Bilateral femoral neck fractures due to transient osteoporosis of pregnancy: a case report
© Willis-Owen et al; licensee BioMed Central Ltd. 2008
Received: 01 August 2008
Accepted: 21 August 2008
Published: 21 August 2008
We describe a case of bilateral femoral neck fractures secondary to transient osteoporosis of pregnancy, which were diagnosed after delivery due to the desire to avoid ionising radiation. These fractures were presumed to be secondary to transient osteoporosis of pregnancy and were treated successfully with internal fixation despite delayed presentation. We discuss the role of MRI in the evaluation of hip pain in pregnancy.
Transient osteoporosis of pregnancy (TOP) is a rare, idiopathic self-limiting condition typically associated with the third trimester of pregnancy. It almost always affects a single hip although bilateral presentation and involvement of the knee have been reported [1–3].
TOP usually presents with a sudden, quite severe onset of unilateral groin pain with no history of trauma. The patient may be unable to walk, or may have an antalgic gait. Pain is elicited by hip rotation, although a full range of motion is common. Radiographs are avoided in pregnancy where possible, and are a poor investigation for demonstrating early osteopaenia. Magnetic Resonance Imaging (MRI) reveals low signal intensity of bone marrow on T1 weighted images, and high signal on T2 weighted images suggestive of bone marrow oedema. The natural history is of resolution of symptoms over the course of 3 to 6 months
Hip fracture secondary to TOP is very rare with only 12 reported patients in the literature to date; in two cases the hip fractures were bilateral[2, 3, 5–8]. The majority of these fractures were caused by a traumatic event. Atraumatic hip fractures secondary to TOP are even more unusual and are easily overlooked and hence may present to the orthopaedic surgeon at a late stage, making management more challenging.
We report of a case of bilateral TOP leading bilateral atraumatic femoral neck fractures that were diagnosed post partum. Despite the delay in presentation internal fixation was successfully carried out. We highlight the importance of adequate investigation of hip pain during pregnancy and discuss the role of MRI.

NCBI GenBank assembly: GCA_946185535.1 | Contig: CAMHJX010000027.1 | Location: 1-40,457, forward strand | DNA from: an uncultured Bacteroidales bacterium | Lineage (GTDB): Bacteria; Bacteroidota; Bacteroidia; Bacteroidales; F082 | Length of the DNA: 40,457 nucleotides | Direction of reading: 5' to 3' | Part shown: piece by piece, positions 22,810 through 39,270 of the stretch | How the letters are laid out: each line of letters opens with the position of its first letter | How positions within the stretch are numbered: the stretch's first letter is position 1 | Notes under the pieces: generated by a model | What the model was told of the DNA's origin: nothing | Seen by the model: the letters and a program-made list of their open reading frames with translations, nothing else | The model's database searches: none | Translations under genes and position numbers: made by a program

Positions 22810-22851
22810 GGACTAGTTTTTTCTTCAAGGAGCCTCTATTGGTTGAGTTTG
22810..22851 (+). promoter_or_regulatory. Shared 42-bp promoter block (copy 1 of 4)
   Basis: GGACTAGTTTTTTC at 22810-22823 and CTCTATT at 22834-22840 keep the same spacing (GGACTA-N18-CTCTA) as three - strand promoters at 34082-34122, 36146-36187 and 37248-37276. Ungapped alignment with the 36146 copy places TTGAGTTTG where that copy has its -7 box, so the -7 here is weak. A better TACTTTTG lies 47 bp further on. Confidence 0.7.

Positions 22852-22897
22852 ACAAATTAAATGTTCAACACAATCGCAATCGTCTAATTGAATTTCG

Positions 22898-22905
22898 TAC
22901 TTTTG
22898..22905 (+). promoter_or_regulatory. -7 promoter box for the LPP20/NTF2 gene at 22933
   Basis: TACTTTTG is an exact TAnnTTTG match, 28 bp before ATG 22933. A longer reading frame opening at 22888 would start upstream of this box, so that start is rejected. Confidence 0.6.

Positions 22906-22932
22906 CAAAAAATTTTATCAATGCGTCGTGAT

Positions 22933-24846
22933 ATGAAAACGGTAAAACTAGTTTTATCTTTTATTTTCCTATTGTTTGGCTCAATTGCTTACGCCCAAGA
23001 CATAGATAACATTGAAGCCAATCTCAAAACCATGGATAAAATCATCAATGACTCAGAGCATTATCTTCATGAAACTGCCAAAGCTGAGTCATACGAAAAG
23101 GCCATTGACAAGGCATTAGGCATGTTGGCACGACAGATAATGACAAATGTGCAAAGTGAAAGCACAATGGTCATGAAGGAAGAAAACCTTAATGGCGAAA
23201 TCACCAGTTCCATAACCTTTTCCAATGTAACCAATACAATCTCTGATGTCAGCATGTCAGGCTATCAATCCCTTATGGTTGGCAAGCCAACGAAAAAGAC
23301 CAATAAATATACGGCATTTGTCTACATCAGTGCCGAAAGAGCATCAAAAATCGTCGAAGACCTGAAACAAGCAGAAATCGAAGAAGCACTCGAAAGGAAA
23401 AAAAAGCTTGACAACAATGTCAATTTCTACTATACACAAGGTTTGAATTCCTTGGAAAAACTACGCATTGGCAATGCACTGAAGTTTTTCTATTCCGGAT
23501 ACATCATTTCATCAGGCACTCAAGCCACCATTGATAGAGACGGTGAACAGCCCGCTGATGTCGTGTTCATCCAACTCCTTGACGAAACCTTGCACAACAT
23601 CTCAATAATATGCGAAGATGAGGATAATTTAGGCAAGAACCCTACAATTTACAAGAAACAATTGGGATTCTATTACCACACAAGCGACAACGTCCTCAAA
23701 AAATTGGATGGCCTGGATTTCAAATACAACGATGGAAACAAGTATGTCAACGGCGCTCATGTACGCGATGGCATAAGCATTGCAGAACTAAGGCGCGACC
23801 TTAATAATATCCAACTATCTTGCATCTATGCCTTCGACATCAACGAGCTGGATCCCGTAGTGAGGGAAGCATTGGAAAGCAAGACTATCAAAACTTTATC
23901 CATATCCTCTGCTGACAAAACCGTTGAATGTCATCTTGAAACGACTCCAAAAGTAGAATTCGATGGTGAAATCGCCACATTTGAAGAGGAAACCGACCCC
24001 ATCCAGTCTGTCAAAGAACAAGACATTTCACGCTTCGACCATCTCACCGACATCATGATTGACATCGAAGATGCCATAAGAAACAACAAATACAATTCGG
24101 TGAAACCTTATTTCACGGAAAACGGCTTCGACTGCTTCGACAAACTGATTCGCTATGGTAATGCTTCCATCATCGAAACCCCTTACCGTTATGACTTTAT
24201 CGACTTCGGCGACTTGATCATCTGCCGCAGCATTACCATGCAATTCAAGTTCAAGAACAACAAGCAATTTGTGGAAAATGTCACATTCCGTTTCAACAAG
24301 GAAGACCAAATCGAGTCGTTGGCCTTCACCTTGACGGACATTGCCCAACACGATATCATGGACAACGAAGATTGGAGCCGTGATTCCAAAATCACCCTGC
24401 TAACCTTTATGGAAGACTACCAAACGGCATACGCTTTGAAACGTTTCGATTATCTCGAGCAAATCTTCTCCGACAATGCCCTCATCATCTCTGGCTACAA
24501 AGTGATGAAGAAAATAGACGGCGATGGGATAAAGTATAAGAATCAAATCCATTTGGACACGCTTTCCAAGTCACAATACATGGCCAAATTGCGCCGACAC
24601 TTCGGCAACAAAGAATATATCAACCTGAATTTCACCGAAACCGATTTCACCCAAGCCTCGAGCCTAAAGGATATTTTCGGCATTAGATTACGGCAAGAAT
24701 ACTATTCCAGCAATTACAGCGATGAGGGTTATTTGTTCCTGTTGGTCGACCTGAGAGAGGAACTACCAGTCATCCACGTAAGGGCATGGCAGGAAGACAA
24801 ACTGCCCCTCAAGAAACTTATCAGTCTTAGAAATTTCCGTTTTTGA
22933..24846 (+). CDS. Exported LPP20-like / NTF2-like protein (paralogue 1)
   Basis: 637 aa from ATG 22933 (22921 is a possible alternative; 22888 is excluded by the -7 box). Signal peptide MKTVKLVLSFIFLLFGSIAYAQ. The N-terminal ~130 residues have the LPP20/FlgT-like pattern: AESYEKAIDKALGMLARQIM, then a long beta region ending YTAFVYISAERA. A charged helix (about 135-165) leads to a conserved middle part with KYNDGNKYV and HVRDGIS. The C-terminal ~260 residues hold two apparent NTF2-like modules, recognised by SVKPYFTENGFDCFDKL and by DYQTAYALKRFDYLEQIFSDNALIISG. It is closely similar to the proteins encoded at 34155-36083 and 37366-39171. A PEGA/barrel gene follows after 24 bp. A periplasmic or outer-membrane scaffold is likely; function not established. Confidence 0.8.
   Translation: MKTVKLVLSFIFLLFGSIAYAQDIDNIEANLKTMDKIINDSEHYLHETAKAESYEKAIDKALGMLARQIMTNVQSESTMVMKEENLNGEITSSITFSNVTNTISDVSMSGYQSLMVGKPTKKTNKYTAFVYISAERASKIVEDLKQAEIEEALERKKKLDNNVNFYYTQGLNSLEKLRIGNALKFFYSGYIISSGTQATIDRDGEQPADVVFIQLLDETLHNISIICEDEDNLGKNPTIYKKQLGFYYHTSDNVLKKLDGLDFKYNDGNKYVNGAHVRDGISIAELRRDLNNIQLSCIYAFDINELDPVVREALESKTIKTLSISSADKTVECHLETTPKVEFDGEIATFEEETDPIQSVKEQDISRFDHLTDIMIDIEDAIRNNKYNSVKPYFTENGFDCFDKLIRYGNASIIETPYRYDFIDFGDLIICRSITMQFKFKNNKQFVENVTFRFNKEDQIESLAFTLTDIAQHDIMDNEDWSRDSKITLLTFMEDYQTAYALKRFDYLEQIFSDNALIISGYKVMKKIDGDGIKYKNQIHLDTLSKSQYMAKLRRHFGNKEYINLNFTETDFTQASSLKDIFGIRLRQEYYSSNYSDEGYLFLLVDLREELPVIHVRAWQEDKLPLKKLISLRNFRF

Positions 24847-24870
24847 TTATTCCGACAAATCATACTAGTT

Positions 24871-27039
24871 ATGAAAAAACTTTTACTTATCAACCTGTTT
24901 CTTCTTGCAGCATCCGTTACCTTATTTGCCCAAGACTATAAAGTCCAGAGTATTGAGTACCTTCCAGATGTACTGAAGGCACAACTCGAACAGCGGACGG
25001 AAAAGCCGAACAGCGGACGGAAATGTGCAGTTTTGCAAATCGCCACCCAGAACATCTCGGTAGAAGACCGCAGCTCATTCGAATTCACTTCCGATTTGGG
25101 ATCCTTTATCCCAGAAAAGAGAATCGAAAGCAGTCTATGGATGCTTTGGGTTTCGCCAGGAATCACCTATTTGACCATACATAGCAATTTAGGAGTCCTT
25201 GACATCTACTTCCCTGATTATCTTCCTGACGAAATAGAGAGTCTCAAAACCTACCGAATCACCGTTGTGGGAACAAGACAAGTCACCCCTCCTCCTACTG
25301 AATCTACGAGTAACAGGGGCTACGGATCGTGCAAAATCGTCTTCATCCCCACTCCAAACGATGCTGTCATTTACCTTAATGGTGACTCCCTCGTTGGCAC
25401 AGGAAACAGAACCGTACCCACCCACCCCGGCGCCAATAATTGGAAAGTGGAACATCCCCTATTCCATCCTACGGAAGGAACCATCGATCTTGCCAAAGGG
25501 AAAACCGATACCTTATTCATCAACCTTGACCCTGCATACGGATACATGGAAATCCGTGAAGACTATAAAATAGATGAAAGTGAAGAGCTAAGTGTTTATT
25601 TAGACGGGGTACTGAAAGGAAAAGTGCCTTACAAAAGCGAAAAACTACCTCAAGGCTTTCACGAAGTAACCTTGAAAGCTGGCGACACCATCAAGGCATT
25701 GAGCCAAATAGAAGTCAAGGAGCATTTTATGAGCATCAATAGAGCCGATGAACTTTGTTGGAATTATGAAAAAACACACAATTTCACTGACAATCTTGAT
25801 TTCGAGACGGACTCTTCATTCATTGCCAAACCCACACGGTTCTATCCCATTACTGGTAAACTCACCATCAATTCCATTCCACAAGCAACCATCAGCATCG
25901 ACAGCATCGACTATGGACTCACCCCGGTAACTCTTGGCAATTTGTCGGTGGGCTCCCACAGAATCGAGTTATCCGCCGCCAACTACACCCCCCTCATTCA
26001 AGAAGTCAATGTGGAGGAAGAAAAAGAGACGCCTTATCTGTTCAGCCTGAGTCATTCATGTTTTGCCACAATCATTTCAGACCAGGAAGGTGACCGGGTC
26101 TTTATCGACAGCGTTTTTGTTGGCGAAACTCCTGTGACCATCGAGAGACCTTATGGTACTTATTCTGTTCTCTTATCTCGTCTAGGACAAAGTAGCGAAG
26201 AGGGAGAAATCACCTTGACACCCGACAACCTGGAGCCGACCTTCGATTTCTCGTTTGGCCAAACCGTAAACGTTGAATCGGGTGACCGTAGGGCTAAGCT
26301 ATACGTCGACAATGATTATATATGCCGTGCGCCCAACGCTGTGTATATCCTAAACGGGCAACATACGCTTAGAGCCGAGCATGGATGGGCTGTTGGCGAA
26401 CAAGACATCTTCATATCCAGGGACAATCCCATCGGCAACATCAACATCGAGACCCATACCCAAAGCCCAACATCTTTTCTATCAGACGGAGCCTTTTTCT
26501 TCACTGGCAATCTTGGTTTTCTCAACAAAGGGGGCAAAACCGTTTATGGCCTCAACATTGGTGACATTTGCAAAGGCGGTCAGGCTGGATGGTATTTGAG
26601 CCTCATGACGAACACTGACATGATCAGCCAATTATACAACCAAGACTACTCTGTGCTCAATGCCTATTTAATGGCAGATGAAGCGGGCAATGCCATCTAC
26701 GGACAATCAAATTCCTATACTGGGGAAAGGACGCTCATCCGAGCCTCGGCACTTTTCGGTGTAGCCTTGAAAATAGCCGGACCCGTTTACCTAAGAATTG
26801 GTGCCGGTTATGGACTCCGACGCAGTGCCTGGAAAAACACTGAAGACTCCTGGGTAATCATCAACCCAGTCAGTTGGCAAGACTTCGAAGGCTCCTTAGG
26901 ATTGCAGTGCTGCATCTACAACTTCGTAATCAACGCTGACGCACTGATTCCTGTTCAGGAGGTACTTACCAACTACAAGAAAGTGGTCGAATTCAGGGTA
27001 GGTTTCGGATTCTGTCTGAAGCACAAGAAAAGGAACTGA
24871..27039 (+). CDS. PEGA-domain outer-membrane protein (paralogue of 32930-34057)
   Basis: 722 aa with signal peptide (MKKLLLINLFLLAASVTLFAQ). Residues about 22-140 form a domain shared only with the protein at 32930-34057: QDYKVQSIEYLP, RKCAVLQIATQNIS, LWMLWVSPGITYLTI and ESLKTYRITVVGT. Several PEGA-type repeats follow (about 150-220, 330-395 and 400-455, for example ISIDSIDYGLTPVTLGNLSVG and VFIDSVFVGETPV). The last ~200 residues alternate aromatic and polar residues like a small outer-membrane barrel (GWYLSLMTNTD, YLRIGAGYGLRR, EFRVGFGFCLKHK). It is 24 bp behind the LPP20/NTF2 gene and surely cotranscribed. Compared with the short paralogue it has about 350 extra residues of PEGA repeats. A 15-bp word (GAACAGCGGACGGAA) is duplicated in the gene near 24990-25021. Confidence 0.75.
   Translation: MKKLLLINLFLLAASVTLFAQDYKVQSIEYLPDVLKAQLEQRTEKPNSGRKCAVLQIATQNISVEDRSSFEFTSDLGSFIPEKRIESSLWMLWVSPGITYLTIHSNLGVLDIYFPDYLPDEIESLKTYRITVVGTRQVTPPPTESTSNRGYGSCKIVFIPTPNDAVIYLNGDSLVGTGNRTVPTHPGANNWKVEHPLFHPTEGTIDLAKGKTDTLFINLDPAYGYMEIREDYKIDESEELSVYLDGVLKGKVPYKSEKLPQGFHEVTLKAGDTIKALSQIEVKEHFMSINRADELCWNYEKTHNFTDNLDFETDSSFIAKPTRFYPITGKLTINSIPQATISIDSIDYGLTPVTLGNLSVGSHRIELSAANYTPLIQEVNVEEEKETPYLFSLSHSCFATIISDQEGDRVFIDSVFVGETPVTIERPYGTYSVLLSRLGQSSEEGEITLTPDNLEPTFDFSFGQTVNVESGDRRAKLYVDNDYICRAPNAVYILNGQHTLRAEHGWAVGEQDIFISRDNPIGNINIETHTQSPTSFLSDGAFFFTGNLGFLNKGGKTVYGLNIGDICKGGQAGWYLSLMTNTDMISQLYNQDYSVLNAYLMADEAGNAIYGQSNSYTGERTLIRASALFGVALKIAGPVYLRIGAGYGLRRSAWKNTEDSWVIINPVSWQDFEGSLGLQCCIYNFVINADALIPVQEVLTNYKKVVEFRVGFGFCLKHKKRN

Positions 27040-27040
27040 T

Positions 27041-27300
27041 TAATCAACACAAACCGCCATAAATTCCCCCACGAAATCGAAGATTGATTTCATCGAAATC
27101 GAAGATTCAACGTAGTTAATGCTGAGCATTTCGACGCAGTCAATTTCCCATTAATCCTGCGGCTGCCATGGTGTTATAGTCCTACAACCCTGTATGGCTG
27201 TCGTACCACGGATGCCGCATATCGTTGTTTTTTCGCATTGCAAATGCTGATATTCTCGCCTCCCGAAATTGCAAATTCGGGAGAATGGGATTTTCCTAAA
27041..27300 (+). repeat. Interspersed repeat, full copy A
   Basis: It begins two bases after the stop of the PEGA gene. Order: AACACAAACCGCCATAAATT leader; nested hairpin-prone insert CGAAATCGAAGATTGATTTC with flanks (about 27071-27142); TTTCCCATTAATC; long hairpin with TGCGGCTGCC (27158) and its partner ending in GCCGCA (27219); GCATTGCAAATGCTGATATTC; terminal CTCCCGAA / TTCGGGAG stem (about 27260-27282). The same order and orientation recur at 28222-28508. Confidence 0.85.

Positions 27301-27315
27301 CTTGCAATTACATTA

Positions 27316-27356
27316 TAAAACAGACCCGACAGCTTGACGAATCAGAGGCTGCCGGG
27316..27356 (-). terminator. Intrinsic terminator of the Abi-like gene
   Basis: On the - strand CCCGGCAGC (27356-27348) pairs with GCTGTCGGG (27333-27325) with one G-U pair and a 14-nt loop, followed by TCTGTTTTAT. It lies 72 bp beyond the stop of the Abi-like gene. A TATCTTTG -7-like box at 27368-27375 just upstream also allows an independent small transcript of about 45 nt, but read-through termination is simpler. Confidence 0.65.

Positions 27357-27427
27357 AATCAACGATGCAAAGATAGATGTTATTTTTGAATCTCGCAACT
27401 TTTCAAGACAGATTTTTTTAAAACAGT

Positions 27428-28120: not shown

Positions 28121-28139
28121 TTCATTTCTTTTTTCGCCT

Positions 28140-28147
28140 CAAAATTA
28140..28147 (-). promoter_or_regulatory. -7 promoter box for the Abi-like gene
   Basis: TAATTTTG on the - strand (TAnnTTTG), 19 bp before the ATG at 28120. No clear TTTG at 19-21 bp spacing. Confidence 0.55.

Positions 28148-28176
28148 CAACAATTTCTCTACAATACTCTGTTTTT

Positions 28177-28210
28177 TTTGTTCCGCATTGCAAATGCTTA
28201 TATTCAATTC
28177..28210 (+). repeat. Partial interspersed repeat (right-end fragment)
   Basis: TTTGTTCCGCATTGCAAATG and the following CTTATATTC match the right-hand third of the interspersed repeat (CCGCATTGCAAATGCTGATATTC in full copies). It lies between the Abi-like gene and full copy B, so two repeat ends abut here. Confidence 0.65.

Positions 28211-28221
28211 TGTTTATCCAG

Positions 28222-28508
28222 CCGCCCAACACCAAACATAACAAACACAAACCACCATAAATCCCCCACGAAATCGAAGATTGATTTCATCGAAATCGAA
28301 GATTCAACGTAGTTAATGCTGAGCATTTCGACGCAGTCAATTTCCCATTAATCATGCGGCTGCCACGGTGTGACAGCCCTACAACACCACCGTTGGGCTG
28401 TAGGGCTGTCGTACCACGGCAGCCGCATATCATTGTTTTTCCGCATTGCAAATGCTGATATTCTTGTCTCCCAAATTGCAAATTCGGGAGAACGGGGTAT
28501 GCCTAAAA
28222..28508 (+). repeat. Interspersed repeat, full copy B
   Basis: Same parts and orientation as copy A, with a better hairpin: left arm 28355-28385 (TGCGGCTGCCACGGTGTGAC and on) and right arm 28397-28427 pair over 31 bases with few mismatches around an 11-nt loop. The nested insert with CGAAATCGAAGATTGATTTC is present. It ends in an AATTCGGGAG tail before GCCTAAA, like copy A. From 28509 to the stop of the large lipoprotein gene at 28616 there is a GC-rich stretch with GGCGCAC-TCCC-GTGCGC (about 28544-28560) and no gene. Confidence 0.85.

A 34 year old Persian woman, gravida 1, para 0, presented at 22 weeks of pregnancy with a two week history of left hip pain with no apparent precipitating event. Her past medical history included mild Multiple Sclerosis from which she was asymptomatic. She did not smoke or drink alcohol, had no history of corticosteroid, anticonvulsant or anticoagulant use and was not on any other medication. Clinical examination was unremarkable and no investigations were deemed appropriate. The working diagnosis at this stage was non-specific hip pain related to pregnancy and supportive measures were instituted.
Over the following 12 weeks her hip pain worsened, and she started to experience pain in the contra lateral hip. Again there was no history of a traumatic event. Because of her pregnancy imaging of her hips was avoided. By 36 weeks of pregnancy she was unable to weight bear and became wheelchair bound. Pain in her hips and limitation of motion meant that a normal vaginal delivery was impossible; hence she underwent a caesarean delivery of a healthy baby at full term.
The post-operative course was uncomplicated and the hip pain significantly improved immediately. Full weight bearing on the right, and partial weight bearing on the left was initiated on the first postoperative day, and maintained for the first 12 weeks. Check radiographs at 3 months showed no loss of fixation and the fractures appeared to be uniting in an adequate position. At six months she was pain free with no evidence of avascular necrosis or implant failure.
Musculoskeletal complaints are very common in pregnancy. The position and weight of the gravid uterus alters the centre of gravity and loading patterns of the axial and appendicular skeleton, whilst hormonal changes lead to joint laxity, and fluid retention may cause neural compression. The majority of musculoskeletal complaints are not serious, and are managed conservatively without a specific diagnosis.
Pregnant women frequently complain of hip or pelvic pain. The differential diagnosis includes some serious problems that need to be excluded, namely transient osteoporosis, osteonecrosis and pubic symphysiolysis.
Conventionally ionising radiation is avoided during pregnancy although Brodell et al. suggested that in the third trimester of pregnancy the benefits of adequate investigation of hip pain may outweigh the minimal risks. There is no conclusive evidence that MRI has deleterious effects, however the safety of MRI has yet to be definitively proven. It is in common use in the third trimester of pregnancy where clinically indicated and is generally considered to be safe. MRI has a high sensitivity for diagnosis of occult hip fracture and can reliably distinguish between osteonecrosis transient osteoporosis, making it the investigation of choice for hip pain in the third trimester of pregnancy.
Displaced intracapsular fractures have a high incidence of non-union and avascular necrosis. It has however been shown that the risk of non-union is independent of bone quality therefore in young patients with high value hips internal fixation should be the goal.
This case report highlights the need for vigilance in the assessment of musculoskeletal complaints in pregnancy, and demonstrates that the more conservative approach of internal fixation is viable. We suggest MRI should be considered for women presenting with significant hip pain in the third trimester of pregnancy.
Written informed consent was obtained from the patient for publication of this case report and accompanying images. A copy of the written consent is available for review by the Editor-in-Chief of this journal.
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